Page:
Continuing to strengthen Cambodia’s health system will be a key priority for our aid program. Poor health holds back economic growth—it lowers workforce participation and reduces workers’ productivity. We will help strengthen Cambodia’s health financing system to improve efficiency, and we will focus on improving the quality of care. We will also tackle the ongoing challenge to improve access to, and quality of, reproductive, maternal and neonatal health, particularly for women working in garment factories or living in remote communities.

We will continue to support Cambodia’s education sector through our long-running Australia Awards Scholarships program. Since 1994 more than 600 of Cambodia’s most talented people have been awarded scholarships to study in Australia. Many of these scholars have become leaders in government, the private sector and civil society. The high-profile Australia Awards Scholarships program has helped build a reputation for quality Australian education and strong people to people links between our two countries.

Investments for better health and education outcomes in Cambodia

Our results

In 2014 the Australian aid program:

  • increased agricultural production and reduced rural poverty through our innovative Cambodia Agricultural Value Chain (CAVAC) program. In 2014-15, CAVAC rehabilitated or constructed six irrigation schemes, which enabled an additional 2,809 hectares of land to be irrigated and 2,767 families to grow more than one rice crop per year.
  • enabled health centres and hospitals to provide better quality health care, and, together with the Cambodian Government and other partners, has ensured 2.6 million of the poorest Cambodians have access to free essential health care.
  • invested in key economic infrastructure including upgrading and maintaining the rural road network, and rebuilding essential transport infrastructure damaged by the 2013 floods.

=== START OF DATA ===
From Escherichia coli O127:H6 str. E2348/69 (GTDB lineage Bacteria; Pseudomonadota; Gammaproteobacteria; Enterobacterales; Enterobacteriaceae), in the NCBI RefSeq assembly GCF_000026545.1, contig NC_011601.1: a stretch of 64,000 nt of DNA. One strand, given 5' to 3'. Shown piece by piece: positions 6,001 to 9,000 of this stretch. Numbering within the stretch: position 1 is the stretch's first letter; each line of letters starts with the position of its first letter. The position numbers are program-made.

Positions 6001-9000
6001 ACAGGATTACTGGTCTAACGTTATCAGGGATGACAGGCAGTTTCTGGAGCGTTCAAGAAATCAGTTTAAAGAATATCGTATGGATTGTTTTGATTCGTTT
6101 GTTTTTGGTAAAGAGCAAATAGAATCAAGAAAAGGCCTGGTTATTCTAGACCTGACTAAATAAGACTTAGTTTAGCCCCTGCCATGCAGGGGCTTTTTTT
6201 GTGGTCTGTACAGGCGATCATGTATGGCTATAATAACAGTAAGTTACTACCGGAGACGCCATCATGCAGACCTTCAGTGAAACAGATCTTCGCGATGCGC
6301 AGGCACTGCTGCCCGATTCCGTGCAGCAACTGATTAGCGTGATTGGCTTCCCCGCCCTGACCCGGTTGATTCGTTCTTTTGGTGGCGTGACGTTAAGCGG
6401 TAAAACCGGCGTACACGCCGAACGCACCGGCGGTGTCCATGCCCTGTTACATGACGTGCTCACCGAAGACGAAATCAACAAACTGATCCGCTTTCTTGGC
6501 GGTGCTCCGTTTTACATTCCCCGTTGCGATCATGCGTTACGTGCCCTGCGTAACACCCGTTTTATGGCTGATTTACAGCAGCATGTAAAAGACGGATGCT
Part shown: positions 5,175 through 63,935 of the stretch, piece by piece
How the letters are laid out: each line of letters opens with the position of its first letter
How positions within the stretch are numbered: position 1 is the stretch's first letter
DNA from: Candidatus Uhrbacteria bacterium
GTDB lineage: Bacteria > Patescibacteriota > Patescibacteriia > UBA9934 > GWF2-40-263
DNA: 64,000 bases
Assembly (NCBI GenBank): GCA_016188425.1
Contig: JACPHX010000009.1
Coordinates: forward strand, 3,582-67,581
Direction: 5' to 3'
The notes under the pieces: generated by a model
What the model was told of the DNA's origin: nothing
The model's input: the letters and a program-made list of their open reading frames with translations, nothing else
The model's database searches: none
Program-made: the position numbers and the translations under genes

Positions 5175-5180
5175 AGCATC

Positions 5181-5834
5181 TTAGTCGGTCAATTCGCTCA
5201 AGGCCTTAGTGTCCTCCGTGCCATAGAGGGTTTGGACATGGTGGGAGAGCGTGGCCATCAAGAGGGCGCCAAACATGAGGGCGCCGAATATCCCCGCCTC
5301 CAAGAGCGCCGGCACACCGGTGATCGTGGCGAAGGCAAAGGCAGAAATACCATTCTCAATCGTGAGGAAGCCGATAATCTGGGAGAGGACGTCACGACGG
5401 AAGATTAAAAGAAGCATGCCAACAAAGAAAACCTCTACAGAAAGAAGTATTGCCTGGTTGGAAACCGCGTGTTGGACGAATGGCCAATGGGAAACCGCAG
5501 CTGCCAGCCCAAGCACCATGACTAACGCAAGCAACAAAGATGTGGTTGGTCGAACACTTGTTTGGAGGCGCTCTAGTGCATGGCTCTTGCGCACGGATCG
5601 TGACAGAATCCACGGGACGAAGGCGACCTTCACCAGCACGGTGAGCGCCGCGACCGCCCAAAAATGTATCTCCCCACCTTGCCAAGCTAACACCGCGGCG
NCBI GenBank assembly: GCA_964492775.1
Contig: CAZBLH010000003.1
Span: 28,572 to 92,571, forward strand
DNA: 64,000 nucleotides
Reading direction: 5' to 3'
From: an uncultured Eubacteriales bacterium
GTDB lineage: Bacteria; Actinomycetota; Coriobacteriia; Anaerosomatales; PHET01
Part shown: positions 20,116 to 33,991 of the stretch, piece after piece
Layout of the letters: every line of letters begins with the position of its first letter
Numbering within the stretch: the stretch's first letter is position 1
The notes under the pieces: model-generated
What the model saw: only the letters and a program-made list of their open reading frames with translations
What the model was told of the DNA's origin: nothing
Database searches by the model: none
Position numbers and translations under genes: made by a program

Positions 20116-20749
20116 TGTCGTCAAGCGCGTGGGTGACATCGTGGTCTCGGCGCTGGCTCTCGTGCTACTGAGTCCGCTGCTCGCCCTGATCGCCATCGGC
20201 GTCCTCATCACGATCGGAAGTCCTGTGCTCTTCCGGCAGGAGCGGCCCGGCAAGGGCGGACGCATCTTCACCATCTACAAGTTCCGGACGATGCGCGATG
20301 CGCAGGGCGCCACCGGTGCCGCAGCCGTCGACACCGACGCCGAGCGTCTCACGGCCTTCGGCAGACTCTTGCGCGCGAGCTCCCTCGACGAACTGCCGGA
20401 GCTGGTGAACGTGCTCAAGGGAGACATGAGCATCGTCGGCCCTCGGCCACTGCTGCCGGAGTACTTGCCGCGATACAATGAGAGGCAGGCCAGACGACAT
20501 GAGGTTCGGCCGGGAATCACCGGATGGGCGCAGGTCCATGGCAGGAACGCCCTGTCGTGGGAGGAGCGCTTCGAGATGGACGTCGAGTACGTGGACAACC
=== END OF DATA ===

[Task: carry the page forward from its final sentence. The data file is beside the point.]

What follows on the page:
• contributed to the clearance of landmines and unexploded ordnance from approximately 6.6 square kilometres of land in three provinces, directly benefiting some 13,000 people.
  • remained the third largest contributor to Extraordinary Chambers in the Courts of Cambodia (Khmer Rouge Trials).
  • hosted a visit to Cambodia by the Ambassador for Women and Girls in February 2015, highlighting the success of The Ending Violence Against Women initiative.
  • provided 55 new Australia Awards Scholarships, deployed 72 Australian volunteers and continues to support the roll-out of the New Colombo Plan in Cambodia.

Our changing program

The Australia–Cambodia Joint Aid Program Strategy 2010–2015 is in its final year and will be replaced with the Aid Investment Plan 2015-2018. Following years of sustained growth, the new Aid Investment Plan will respond to Cambodia’s rapidly changing economic and social environment. This includes increased attention on economic partnership, closer engagement with the private sector, and promoting innovation in the delivery of our aid. Priority sectors will remain agriculture and rural development, health and education and infrastructure for growth. Across all programs there will be a strong emphasis on promoting women’s empowerment, disability inclusive development and improved governance. We will also maximise impact and cost effectiveness by focusing on fewer, larger investments. The new Aid Investment Plan will see the end of our long running support to Cambodia’s criminal justice system, as we shift towards supporting community based policing.

Last Updated: 3 May 2016
An irrigation barrier, Campong Chhnang, Cambodia (credit: DFAT).
An explanation of HIVAIDS and how it is transmitted being given by then volunteer Aaron Watson (credit: DFAT).
Mak Moa Nang is a teacher at Krola Primary School. She has been teaching for six years (credit: CARE Australia).